In the quiet of my room, my feelings tossed and turned. Stared at a blank page, trying to fill in words in a way that tried to explain my predicament best. And all I could see is a blank wall ahead of me.
[So, quit trying to write it. Is it that important to have it all out?
I don't know exactly why, but I want to. I want to capture what and how I felt before it fades with forgetfulness. I want to lay it out so that I myself could understand it better, due to my 'OH-SHINY-THINGS' brain. I feel like the person I was is still here, and yet different in finding my way, myself. Where I had been laying clouds, I am more or less, using something of a more solid material now.]
A couple of years ago, along with my friends, we went to this restaurant for supper. Ate snacks and had a jolly time. I thought the desserts were quite decent. Fast forward a few weeks later, my lunch buddies at work were wondering where to eat and excitedly I told them about this place. So off we went.
It did not go well. It's horrible enough that they didn't like the food, I kept getting snide remarks about how bad it was and being jokers, the jokes built up like a crescendo. I could take some butt kicking, but a prolonged one is just, quite simply, tiring and my smile muscles seem rather frozen in place. I paid for everyone, partly from embarrassment and feeling bad about the food. It was an office joke for quite a bit.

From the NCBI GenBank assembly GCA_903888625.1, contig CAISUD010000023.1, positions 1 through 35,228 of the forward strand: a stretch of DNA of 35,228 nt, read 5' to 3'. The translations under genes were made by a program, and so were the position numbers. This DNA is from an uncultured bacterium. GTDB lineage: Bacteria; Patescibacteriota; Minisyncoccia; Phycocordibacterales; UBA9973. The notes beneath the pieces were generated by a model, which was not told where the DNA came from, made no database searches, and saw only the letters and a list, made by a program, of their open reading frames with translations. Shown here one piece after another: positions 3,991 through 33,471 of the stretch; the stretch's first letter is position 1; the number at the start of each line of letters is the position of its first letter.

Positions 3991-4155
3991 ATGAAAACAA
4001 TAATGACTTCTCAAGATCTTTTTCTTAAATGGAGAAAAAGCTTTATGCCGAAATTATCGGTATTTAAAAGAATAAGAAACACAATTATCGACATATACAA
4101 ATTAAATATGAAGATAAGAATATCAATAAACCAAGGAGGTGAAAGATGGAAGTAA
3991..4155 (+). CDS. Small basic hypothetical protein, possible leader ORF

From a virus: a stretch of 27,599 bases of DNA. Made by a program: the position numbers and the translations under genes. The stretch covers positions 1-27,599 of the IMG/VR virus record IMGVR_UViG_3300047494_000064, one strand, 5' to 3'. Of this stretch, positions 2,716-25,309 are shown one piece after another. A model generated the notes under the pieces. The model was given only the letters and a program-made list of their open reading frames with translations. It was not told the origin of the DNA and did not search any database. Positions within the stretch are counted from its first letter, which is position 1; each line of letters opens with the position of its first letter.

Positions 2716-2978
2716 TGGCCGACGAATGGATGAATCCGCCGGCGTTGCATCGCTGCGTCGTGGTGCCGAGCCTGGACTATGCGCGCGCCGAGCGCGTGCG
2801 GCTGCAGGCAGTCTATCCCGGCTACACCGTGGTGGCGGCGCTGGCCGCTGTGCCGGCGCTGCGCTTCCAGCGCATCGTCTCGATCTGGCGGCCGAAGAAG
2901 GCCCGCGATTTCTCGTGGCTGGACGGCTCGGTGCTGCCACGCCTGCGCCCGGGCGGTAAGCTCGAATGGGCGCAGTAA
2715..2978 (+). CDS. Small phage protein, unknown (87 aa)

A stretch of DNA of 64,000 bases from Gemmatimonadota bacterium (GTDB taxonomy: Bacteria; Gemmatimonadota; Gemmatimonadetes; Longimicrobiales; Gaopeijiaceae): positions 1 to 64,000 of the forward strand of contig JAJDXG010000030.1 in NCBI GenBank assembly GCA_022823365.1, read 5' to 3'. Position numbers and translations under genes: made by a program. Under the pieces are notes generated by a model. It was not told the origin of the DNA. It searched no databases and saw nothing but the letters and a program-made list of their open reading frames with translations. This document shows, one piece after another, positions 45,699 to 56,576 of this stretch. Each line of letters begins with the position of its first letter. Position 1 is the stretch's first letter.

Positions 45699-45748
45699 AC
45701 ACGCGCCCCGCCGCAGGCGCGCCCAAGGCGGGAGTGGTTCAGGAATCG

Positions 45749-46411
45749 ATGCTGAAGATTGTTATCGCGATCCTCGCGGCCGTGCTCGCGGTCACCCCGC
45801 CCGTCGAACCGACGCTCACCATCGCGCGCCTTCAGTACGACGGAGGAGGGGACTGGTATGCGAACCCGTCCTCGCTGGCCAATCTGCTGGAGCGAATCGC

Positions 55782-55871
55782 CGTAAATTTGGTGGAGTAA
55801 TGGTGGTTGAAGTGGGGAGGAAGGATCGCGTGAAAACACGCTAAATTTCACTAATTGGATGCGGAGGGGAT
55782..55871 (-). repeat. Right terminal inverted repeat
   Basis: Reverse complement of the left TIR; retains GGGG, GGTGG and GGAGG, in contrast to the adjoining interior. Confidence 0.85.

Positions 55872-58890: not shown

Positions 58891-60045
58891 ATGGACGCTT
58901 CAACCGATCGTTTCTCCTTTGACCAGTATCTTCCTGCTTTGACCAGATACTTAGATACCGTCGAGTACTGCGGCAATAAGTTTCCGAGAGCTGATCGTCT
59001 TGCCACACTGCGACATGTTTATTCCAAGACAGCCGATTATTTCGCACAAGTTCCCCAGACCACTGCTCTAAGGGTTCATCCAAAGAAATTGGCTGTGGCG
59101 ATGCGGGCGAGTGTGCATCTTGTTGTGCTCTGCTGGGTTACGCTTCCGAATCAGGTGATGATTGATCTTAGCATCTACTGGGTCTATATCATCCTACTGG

From then on, I am wary of giving out new eatery suggestions. I'm not stupid enough to be burnt twice, and boy, did that burn me bad. My lips kept shut, unless I had to suggest one, and even so, with much reluctance. Perhaps food isn't my forte, I thought, and I refuse to take responsibility for something which I don't know if it's good-good.
But that was my first foray into the thoughts... what IS the standard of good? I'm sure there's a collective standard of bad, say, extra meat in your dish (specifically, cockroach) or a mee goreng that overly reeks of chemicals or not-fresh ingredients. But how about good? I've tasted good curry noodle soups (by my standards) in different places and sometimes I do enjoy each of them in the sense that they give me different kicks. Could be the herb that they use, or the balance of santan, or how the spiciness plays on my tongue or throat, the texture of the soup and so on.
I've seen different people pooh-pooh and waxed lyrical over the same dish. Sometimes the reasons could be similar on both sides; eg - It's too salty! It's well salted.
Or what makes a pan mee a Pan Mee? I know the general look of it, but the taste... hmmm.
I felt exasperated. This doesn't help me at ALL to find that general good-good, and I started dreaming of a world where there is a Master Pan Mee or Master Curry Noodle. I could have it side-by-side with my current favourite pan mee/curry noodle, and then I could be, Ahh, the one I like is actually not spicy enough and they could lay off on santan a bit more.
See? Won't life be much easier that way? Harrumph.
For a while, I forgot these questions. I don't know if my taste has evolved or that I've just kept myself out of the line of fire. Might be the latter. Google helps too :). And then something popped up again, caused me unease and thus, heralded the return of the old questions, though in a different form.